Could you please give me some advise on this piece of code?

Ian Kelly ian.g.kelly at gmail.com
Mon Sep 12 19:41:06 CEST 2011


On Mon, Sep 12, 2011 at 8:51 AM, G. <bestenborstel at gmail.com> wrote:
> When I start LabView UDP_sender.vi it is supposed to send a string
> back to python, but sometimes it ends with an error saying the port
> and the ip is already in usage. Do I have to start first LabView or
> the python scrip when listening to LabView, please?

If LabView is sending, then the Python script should already be
receiving, so start Python first.

> def openUDPSocket(UDP_IP,UDP_PORT):
>    #UDP_IP="127.0.0.1"
>    #UDP_PORT=5005
>    print "Creating socket ..."
>    sock=socket.socket( socket.AF_INET, # Internet
>                        socket.SOCK_DGRAM ) # UDP

I don't think this is sufficient to create a UDP socket.  To be safe,
you should specify the protocol as well:

sock = socket.socket(socket.AF_INET,
    socket.SOCK_DGRAM, socket.IPPROTO_UDP)

>    #sock.bind((UDP_IP,UDP_PORT))

Your bind call is commented out, which means that your socket will be
bound to an arbitrary port selected by the OS.  This will make it hard
for LabView to send it messages, since it won't know what port to use.

Also, you appear to be using the same address and port for both
endpoints.  The UDP socket in Python and the UDP socket in LabView
should be bound to two separate ports.  This is probably why you were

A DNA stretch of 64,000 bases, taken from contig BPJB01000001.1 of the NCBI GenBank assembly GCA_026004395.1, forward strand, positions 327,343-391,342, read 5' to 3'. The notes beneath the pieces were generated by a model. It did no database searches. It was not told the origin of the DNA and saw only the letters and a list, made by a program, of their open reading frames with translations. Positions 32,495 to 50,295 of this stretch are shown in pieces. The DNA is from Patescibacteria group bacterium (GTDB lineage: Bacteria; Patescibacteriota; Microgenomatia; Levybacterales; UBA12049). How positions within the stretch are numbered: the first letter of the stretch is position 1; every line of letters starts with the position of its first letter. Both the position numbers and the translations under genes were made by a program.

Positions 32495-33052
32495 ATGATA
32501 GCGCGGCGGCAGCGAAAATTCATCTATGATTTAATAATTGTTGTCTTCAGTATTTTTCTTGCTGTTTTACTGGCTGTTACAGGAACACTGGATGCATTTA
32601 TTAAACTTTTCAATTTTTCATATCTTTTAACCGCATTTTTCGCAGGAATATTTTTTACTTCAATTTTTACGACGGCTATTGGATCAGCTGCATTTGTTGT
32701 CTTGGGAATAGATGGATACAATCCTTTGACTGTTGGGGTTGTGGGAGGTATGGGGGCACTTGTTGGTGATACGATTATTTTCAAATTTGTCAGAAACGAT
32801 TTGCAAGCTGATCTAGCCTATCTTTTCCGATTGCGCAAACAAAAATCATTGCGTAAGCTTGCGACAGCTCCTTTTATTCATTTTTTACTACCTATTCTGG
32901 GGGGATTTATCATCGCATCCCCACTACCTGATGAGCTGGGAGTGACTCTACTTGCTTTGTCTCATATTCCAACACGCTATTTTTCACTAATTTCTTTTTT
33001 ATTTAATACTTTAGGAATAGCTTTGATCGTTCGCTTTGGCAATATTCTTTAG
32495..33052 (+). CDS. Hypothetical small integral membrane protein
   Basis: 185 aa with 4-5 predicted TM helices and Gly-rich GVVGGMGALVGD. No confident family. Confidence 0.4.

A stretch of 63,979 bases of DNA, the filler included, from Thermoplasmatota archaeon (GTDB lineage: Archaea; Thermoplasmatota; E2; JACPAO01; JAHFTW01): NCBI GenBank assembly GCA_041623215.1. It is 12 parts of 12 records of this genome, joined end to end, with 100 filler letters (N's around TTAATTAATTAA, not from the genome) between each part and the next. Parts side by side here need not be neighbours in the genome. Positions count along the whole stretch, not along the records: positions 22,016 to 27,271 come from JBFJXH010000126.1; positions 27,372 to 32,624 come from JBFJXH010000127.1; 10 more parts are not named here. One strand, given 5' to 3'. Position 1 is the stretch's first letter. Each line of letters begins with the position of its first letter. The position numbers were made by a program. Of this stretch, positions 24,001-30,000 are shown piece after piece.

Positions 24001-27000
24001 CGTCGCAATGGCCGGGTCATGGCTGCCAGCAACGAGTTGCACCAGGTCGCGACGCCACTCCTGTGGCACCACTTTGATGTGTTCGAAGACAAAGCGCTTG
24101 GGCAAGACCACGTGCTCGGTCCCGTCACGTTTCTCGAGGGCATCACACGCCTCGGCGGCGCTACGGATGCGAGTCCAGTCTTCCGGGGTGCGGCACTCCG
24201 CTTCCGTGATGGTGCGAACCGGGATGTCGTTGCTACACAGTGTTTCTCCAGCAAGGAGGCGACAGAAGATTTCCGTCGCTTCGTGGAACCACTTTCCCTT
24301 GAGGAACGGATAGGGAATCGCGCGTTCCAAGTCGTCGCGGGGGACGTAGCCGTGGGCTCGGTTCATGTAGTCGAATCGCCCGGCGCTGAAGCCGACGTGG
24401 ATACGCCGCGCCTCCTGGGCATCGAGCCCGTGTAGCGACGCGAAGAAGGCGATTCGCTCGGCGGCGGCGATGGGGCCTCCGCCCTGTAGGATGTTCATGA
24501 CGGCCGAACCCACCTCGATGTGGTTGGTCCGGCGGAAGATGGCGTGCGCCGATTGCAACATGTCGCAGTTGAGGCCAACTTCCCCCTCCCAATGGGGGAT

getting the "port already in use" error, before you commented this
out.

>    #sock.listen(1)

You don't need this at all.  listen() is for TCP sockets.

> def fastPump(sock):
>    # Start pumping and return
>    MESSAGE="pumpfast"
>
>   # print "UDP target IP:", UDP_IP
>   # print "UDP target port:", UDP_PORT
>   # print "message:", MESSAGE
>
>    sock.sendto( MESSAGE, (UDP_IP, UDP_PORT) )

The IP and port here should be that of the destination, i.e. the
address of the LabView socket.

> counter_while_loop=0
> print "test"
> while counter_while_loop < 3:
>        data,addr = pumpsocketUDP.recvfrom(1024)
>        print "test"
>        if not data:
>                print "Client has exited!"
>                break
>        else:
>                print "\nReceived message '", data,"'"
>        counter_while_loop=counter_while_loop+1

You should really use a for loop here:

for counter in range(3):
    data, addr = pumpsocketUPD.recvfrom(1024)
    print "Received message %r" % data

Note that if data is empty, it means that it received an empty
message, not that the client has exited.  It may be that you're having
the LabView client send an empty message when it exits, but this does
not happen automatically.

HTH,
Ian



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